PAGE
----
Mass Effected

Over the weekend I tried to do three new gaming things: Play Mass Effect 2 (to finally finish it), play Mass Effect 3 (for the first time), and play Mass Effect 1 (over again).

I installed Mass Effect 2 from Steam, hoping beyond hope that by some magical time-space temporal vortex I would be able to pick up where I left off years ago (probably at least two computers ago), but of course I had to start over. My goal was to play through the game quickly so that I could then finally start Mass Effect 3, a game I’ve had for years but never played.

I got through the first cut scenes, remembered what great characters these games have, wasn’t entirely sure what was going on, then reached the point where I first have to control my character and do stuff and immediately remembered how awful the game part of these games are. I gave up after about 15 minutes and uninstalled the game. I couldn’t stand the thought of playing double-digit numbers of hours with that clunky, ancient-feeling control scheme and weird squad and cover mechanics.

I was left with no choice but to install Mass Effect 3 (on Origin, blech) and jump right into it. At the time of this writing, even though it happened literally two days ago, I have zero memory of what happened. There was a cut scene, then there was some running around, there was a kid (so obviously a plot device it might as well have had a neon sign), there were explosions, there were people I vaguely remember from Mass Effect 1, there were people I thought died in Mass Effect 2, there were people missing from when I played Mass Effect 2, there were other people I’ve never seen before, and there was a dream sequence.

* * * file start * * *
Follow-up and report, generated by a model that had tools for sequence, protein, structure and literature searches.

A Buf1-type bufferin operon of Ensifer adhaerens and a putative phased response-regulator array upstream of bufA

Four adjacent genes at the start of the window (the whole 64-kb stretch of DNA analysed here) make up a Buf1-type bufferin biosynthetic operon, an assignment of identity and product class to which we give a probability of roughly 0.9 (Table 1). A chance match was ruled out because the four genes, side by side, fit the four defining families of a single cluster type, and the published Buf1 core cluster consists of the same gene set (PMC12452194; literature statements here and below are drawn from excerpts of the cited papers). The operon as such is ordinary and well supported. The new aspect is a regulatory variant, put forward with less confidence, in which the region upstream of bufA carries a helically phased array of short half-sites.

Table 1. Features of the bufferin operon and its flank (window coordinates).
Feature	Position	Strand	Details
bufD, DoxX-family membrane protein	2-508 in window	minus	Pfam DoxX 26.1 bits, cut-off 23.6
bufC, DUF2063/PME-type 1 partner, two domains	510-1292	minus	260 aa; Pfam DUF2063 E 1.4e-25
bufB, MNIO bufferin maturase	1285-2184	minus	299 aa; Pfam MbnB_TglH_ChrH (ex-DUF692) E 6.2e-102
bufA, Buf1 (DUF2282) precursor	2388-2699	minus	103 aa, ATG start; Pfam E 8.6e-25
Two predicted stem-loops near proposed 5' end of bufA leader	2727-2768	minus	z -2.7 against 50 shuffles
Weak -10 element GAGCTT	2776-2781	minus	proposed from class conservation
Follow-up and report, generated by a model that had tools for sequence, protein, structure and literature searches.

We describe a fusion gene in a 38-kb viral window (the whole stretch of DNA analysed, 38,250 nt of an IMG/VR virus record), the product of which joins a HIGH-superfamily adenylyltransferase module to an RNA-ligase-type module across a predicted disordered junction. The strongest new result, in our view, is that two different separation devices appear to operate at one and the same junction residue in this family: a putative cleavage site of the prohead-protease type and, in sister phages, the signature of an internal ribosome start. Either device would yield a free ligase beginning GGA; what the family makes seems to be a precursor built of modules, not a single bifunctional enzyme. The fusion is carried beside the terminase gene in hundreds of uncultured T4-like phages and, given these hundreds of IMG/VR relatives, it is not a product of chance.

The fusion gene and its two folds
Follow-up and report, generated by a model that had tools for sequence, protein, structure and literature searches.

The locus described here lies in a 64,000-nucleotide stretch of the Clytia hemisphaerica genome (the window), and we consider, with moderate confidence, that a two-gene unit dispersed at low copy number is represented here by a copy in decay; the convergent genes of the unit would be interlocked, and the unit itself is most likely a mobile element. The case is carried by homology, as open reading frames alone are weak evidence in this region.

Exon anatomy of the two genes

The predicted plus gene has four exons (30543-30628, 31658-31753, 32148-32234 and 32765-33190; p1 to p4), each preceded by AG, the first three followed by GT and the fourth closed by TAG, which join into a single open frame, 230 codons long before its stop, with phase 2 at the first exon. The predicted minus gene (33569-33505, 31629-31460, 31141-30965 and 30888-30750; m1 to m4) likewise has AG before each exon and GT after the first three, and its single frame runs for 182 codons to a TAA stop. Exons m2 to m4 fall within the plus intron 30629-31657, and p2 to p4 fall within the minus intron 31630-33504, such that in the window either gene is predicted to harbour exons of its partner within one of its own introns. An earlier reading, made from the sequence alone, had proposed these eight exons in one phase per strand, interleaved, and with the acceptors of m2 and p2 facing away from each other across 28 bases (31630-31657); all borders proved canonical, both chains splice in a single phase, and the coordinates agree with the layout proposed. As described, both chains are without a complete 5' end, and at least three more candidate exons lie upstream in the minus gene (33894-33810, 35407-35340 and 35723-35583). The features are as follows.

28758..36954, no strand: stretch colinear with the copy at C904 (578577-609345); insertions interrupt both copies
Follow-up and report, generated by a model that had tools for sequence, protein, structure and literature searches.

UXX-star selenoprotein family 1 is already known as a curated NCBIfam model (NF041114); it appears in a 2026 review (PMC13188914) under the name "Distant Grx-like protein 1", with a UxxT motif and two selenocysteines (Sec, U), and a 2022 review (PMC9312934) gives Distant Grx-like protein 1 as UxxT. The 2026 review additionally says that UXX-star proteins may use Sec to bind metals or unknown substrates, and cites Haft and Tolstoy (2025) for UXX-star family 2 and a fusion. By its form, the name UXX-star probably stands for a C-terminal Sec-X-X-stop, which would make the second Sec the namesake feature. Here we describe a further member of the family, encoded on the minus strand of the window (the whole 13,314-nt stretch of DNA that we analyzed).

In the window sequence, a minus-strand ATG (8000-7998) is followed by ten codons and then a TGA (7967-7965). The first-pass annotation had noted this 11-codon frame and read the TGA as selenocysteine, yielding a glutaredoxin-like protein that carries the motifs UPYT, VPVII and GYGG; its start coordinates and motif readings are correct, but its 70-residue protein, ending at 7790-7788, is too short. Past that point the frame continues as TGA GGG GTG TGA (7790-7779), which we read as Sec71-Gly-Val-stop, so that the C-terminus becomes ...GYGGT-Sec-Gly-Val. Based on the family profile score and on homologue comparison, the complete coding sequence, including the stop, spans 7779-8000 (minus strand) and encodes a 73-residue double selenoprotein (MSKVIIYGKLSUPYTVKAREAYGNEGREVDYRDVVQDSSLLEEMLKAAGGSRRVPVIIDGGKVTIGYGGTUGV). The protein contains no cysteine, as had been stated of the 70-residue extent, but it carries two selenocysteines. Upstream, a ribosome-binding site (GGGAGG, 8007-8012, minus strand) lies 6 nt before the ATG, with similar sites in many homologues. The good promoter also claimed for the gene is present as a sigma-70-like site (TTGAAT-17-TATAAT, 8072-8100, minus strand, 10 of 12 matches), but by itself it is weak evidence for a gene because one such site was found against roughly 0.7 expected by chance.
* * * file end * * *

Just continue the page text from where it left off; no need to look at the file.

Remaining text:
The gameplay was marginally better but not by much. I was dumbstruck that there was no controller support in the game. There were like 3 actions bound to the spacebar: Running, jumping, and for some inexplicable reason, activating things.

I played ME3 in four different sessions over Saturday and Sunday, playing for about a half hour or less each time before having to put it down because I just didn’t “get” it. As I’m typing this I’m remembering more and more of what transpired, but it was obvious that I was jumping into the third act of an epic story and there was no hand-holding to catch me up on the story. I can deal with weird gameplay if the story is engaging, but the *story* felt alien, and I couldn’t deal with it.

So I thought I’d look for some YouTube videos that summarize the Mass Effect 1 & 2 stories. I found some 10-minute summaries, but I found them unsatisfying. They were so short that I couldn’t really follow them. I got the basic gist of the Mass Effect 1 story but it’s because I played it before. Having only seen half of the Mass Effect 2 story, I didn’t understand that one at all.

Next I looked for full cut scenes. I found a 3 1/2 hour YouTube video showing all the cut scenes from Mass Effect 1. I started watching it. I remembered that I really enjoyed that game, despite how godawful the gameplay was.

As I watched, I realized I didn’t particularly care for how the video was put together (it skipped stuff for brevity), so I re-installed Mass Effect 1 from Steam and started playing it again.